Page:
- Muhammad Ali releases video to raise money for his center in Louisville
- Donors can win a chance to meet the legendary boxer in October
- Despite Parkinson's disease, Ali continues humanitarian work, his wife says
Legendary boxer Muhammad Ali is best known for his fluid, eloquent moves in the ring.
But a video released Tuesday as part of a fund-raising push for his Muhammad Ali Center shows the toll Parkinson's disease has taken on one of the greatest athletes of all time.
Appearing frail and unable to whisper a word, a thin Ali sits next to his wife as she announces a microfunding campaign to raise money and awareness for the Muhammad Ali Center, offering the public a chance to meet him during a special celebration in Ali's hometown of Louisville, Kentucky, in October.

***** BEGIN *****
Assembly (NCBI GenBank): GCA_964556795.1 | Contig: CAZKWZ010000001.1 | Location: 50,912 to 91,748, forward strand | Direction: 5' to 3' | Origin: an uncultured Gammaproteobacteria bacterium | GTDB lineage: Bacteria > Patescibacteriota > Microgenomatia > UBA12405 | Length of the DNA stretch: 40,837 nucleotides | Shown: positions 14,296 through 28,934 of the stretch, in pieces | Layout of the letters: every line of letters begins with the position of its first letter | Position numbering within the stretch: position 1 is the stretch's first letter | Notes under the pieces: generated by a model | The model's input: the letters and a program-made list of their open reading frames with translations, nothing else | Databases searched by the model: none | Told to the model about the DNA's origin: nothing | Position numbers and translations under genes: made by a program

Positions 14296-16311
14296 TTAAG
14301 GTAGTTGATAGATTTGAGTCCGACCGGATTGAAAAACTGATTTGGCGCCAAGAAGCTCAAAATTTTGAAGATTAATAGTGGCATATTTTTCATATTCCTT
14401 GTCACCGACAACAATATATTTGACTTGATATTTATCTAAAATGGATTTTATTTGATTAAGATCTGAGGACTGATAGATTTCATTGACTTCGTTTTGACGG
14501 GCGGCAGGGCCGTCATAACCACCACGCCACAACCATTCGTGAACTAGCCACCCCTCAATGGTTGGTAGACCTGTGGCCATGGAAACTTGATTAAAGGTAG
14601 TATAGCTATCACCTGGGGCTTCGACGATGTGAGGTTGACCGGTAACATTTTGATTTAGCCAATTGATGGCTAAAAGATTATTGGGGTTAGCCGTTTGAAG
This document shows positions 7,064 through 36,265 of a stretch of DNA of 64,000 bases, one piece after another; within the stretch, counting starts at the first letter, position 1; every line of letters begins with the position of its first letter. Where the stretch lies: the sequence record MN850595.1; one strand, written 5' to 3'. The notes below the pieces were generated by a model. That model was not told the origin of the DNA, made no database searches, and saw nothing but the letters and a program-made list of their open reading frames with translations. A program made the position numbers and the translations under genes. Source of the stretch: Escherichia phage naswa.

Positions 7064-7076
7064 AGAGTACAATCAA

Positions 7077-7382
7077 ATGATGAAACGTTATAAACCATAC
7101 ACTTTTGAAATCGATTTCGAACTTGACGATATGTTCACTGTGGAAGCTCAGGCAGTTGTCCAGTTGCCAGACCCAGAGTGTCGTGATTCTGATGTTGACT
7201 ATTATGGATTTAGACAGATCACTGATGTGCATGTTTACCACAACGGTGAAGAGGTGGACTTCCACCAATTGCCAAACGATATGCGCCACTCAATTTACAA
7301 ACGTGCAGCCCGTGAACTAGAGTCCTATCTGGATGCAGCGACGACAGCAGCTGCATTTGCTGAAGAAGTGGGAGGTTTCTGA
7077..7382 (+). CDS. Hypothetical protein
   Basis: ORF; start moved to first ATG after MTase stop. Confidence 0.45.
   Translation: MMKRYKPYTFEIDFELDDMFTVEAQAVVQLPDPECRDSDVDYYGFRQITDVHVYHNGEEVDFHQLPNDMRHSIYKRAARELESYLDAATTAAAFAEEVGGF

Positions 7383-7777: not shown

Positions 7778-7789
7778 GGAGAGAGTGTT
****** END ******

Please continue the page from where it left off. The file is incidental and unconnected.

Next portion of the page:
Since retiring from boxing three decades ago, before being diagnosed with Parkinson's disease, Ali, 71, has never retreated from public life, even as his body has broken down.
But even as he fights the disease, Ali's wife, Lonnie, says his commitment to humanity has never wavered.
Since emerging on the international stage by winning a gold medal in boxing in the 1960 Olympic Games, Muhammad Ali has spent six decades in public life. Serving as a United Nations Messenger of Peace, Ali has visited more than 100 countries, meeting world leaders and human rights agencies to provide humanitarian assistance.
The campaign announced Tuesday includes a partnership with Prizeo, a celebrity charity fund-raising social media platform where fans can donate as little as $3 to the campaign at www.Prizeo.com/Ali.
"A critical element of our mission is sharing Muhammad's legacy and using his core principles to inspire adults and children everywhere to be as great as they can be," said Lonnie Ali. "These principles are as relevant today as they were when Muhammad was a young man and perhaps resonate now more than ever."